in processor chip power as different SPEC CPU2000
benchmarks are executed on the processor. During this
26 31 36
Time (minutes)
sume power that varies by almost a factor of two. It
is important that new benchmarks that are designed
for system-power-comparison studies capture this range
of microarchitecture-level activity in order to represent the inherent variability in real workloads. A good
power/performance benchmark needs to measure the response of the system under test to this type of variability.
Utilization (%)
Fig. 2. Typical processor allocation would load balance the NYSE
requests over all available processors, even when the extra processors
are not needed to meet performance guarantees.
Utilization (%)
Fig. 4. IPC variation for SPEC CPU2000 on a 2GHz Intel Pentium M.
27 32 37
Time (minutes)
Fig. 3. The NYSE requests can be packed onto a smaller number of
processors, allowing additional power savings modes to be utilized.
execution the system perceived utilization is 100% - all
the variability in power consumption can be traced to the
difference in microarchitecture-level activity among the
workloads and can be potentially exploited in intelligent
power management solutions [5]. Similar variation in
power consumption has been observed even in earlier
generation (Pentium 4) processors [6] and will be increasingly evident on newer processors as they employ finer
activity-oriented circuit-level power-reduction techniques
like clock gating and power gating more extensively.
The current EPA approach to power management
measurement does not address this type of variation.
A Pentium M system under identical system utilization, but with different workloads running can con-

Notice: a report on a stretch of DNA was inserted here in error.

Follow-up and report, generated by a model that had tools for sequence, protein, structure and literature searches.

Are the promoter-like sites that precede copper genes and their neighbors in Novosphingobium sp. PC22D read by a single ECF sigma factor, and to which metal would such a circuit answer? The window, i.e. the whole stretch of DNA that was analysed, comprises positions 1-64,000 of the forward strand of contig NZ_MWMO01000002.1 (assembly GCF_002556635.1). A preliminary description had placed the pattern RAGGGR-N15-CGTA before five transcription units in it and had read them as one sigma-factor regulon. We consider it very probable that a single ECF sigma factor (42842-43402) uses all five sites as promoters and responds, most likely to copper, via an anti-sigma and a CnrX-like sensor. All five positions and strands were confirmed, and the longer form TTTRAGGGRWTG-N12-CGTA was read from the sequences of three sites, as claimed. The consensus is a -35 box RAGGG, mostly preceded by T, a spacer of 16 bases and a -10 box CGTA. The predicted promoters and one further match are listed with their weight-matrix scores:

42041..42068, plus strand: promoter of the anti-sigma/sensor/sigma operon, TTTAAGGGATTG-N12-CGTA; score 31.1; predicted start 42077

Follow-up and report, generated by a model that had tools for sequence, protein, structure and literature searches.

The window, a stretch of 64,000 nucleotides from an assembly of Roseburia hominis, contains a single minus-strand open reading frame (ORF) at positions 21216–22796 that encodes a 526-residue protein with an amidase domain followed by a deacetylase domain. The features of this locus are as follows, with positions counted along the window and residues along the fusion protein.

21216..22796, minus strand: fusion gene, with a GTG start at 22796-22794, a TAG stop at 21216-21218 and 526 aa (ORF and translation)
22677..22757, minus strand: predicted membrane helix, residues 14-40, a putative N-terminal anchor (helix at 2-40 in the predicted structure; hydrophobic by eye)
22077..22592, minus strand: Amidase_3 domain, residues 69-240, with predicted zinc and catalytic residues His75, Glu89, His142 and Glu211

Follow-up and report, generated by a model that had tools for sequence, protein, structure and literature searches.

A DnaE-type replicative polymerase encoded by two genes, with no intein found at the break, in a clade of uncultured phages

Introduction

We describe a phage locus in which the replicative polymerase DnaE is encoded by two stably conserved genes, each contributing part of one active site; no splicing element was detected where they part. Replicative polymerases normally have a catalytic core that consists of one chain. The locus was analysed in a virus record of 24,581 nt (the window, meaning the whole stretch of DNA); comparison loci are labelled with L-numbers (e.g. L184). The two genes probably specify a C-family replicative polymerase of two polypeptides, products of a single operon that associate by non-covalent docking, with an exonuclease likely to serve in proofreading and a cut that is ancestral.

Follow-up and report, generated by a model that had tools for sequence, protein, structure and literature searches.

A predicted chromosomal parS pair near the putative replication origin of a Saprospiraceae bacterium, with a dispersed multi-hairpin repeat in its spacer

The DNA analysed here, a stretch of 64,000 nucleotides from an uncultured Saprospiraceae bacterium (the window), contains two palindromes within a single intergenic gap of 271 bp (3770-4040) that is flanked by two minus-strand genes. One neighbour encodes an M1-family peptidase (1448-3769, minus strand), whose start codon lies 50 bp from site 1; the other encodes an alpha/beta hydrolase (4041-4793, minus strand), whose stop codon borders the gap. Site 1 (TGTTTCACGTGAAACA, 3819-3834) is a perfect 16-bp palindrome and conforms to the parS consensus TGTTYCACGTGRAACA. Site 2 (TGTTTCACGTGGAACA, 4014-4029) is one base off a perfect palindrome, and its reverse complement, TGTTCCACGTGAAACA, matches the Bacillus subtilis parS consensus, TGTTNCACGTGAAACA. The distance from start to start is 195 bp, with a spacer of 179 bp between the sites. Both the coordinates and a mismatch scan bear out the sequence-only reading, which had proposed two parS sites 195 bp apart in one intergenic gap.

power (Watts)
time (seconds)
Fig. 5.
Power variation for SPEC CPU2000 on a 2GHz Intel
Pentium M.
A characteristic of both system utilization and microarchitectural utilization is the rate of change of activity or
intensity. Workloads vary over time and the time scales
at which they vary can be very different. Some things
change quickly, others more slowly. Benchmarks must
be sensitive to the change over time AND the rate of
change over time. The time function and its derivative
both matter.
The rate of change can dictate what power management
mechanisms can be adopted without harming performance
more than a customer is willing to tolerate. For example, at the circuit-level clock gating has a much lower
overhead than power gating. At the microarchitecural-
Normalized Power
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Fig. 7. Power variation across five nominally identical Intel Pentium M processor chips.
management solutions/capabilities of different systems.
B. Variation in Computer System Components
Fig. 6. Measured IPC for selected SPEC CPU2000 benchmarks: (a)
gzip, (b) gcc.
level and system-level clock or pipeline throttling and
frequency scaling are significantly faster to initiate and
have lower overheads than supply voltage scaling, which
in turn has lower overheads than powering modules or
sub-systems on or off. Figure 6 shows two applications
– gzip which exhibits a number of different stable
phases and gcc which has much more chaotic behavior.
The techniques applicable to gzip can have start and
end overhead, while gcc limits the power management
responses to only those which can respond rapidly.
The current EPA approach does not consider the rate
of change in the workloads or system utilization. A
technique such as nap mode may work very well for a
current-generation transactional web benchmark, but may
fail miserably when a new dynamic page is added that
requires running a highly variable workload, one with
execution characteristics similar to gcc, to generate data.
The importance of this time-varying nature of workloads
is discussed in [2] for a power management solution for a
server cluster. Thus, a power/performance-benchmarking
workload should strive to capture realistic temporal variation in workload activity to contrast the different power
We have considered the impact of variation in system utilization and workload characteristics and indicated why it is important for these to be captured by
power/performance benchmarks. There is an additional
source of variation that benchmarks run on a single
system can not capture. There is a significant amount